All in all, the fight for women’s rights has become increasingly prevalent in today’s Colombia, as demonstrated by advances in matters such as legislation. Nevertheless, it is also an ongoing battle with plenty of unresolved social and political issues that need a grassroots shake-up. A widespread, powerful Colombian #MeToo movement — which seems to be slowly underway — will require a deep questioning of what it means to be a woman in a traditional South American society.
It will also need to involve more citizens, both men and women, in ways that transcend the web and have a transformative societal impact. Only then, when reading about Yuliana, Natalia and Rosa, will Colombians not have to say, #MeToo.
The views expressed in this article are the author’s own and do not necessarily reflect Fair Observer’s editorial policy.
For more than 10 years, Fair Observer has been free, fair and independent. No billionaire owns us, no advertisers control us. We are a reader-supported nonprofit. Unlike many other publications, we keep our content free for readers regardless of where they live or whether they can afford to pay. We have no paywalls and no ads.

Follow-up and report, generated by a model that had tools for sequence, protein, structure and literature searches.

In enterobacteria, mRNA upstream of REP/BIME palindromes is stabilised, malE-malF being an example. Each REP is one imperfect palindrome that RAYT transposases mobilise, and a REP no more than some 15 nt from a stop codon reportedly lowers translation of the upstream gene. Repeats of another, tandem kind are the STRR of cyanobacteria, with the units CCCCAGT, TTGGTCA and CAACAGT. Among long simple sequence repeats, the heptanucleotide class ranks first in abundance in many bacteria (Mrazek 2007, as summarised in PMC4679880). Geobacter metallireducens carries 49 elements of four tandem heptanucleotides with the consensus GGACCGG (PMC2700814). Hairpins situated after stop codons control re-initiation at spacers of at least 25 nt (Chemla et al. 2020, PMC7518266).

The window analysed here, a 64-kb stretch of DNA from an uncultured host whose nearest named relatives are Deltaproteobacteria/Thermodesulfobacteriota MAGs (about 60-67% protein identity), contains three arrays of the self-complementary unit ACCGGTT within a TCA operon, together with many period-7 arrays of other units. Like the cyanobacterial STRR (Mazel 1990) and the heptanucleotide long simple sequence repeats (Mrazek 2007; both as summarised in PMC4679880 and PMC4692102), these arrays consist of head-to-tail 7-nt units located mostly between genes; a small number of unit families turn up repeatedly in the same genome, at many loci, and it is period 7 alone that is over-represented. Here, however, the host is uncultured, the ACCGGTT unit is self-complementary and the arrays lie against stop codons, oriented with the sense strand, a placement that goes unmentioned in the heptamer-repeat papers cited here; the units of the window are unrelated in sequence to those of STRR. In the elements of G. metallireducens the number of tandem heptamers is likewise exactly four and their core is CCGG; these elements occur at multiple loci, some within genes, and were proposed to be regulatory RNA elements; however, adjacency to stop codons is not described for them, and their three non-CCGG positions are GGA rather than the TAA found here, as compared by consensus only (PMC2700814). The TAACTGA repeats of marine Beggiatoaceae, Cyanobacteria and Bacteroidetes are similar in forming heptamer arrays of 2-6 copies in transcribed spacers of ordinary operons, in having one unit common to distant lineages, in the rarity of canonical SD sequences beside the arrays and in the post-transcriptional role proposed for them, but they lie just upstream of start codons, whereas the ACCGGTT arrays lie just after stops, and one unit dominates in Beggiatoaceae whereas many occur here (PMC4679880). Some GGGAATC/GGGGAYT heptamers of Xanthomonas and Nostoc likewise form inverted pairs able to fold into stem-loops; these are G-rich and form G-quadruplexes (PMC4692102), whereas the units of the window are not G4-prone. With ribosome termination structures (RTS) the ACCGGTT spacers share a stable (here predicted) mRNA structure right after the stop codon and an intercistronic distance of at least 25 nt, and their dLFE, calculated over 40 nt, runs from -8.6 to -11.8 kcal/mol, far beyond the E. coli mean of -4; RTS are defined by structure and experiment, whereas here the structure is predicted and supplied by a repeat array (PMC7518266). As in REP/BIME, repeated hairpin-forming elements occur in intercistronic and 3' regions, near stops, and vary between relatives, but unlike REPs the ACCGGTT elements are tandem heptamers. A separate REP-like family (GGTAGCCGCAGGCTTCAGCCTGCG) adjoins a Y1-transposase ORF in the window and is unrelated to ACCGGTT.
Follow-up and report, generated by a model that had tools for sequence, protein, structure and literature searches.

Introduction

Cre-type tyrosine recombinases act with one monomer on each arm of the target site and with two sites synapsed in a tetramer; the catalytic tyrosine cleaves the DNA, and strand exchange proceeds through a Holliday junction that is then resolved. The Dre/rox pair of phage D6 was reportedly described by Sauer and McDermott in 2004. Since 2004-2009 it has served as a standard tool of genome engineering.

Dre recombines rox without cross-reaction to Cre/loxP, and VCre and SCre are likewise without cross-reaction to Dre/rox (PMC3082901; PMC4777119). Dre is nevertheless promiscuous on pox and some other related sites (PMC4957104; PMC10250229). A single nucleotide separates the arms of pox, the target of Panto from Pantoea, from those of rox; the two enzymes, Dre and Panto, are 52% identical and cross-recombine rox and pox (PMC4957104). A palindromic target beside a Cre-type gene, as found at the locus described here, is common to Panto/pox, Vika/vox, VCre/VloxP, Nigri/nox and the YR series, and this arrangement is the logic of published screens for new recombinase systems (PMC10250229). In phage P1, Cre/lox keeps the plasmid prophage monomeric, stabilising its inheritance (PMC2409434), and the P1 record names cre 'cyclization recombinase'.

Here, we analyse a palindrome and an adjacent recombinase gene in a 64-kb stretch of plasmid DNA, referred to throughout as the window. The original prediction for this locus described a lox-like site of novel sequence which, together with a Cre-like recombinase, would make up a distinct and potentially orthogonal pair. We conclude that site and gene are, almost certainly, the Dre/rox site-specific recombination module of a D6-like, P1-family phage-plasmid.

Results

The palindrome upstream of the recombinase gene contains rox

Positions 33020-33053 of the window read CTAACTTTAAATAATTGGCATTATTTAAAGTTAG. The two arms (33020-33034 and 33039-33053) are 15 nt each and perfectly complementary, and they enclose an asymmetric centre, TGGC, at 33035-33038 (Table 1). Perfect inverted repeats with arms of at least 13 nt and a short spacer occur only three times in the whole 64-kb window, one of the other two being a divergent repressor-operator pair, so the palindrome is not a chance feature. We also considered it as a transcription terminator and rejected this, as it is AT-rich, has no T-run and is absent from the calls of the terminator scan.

In the post-truth era of fake news, echo chambers and filter bubbles, we publish a plurality of perspectives from around the world. Anyone can publish with us, but everyone goes through a rigorous editorial process. So, you get fact-checked, well-reasoned content instead of noise.
We publish 2,500+ voices from 90+ countries. We also conduct education and training programs on subjects ranging from digital media and journalism to writing and critical thinking. This doesn’t come cheap. Servers, editors, trainers and web developers cost money. Please consider supporting us on a regular basis as a recurring donor or a sustaining member.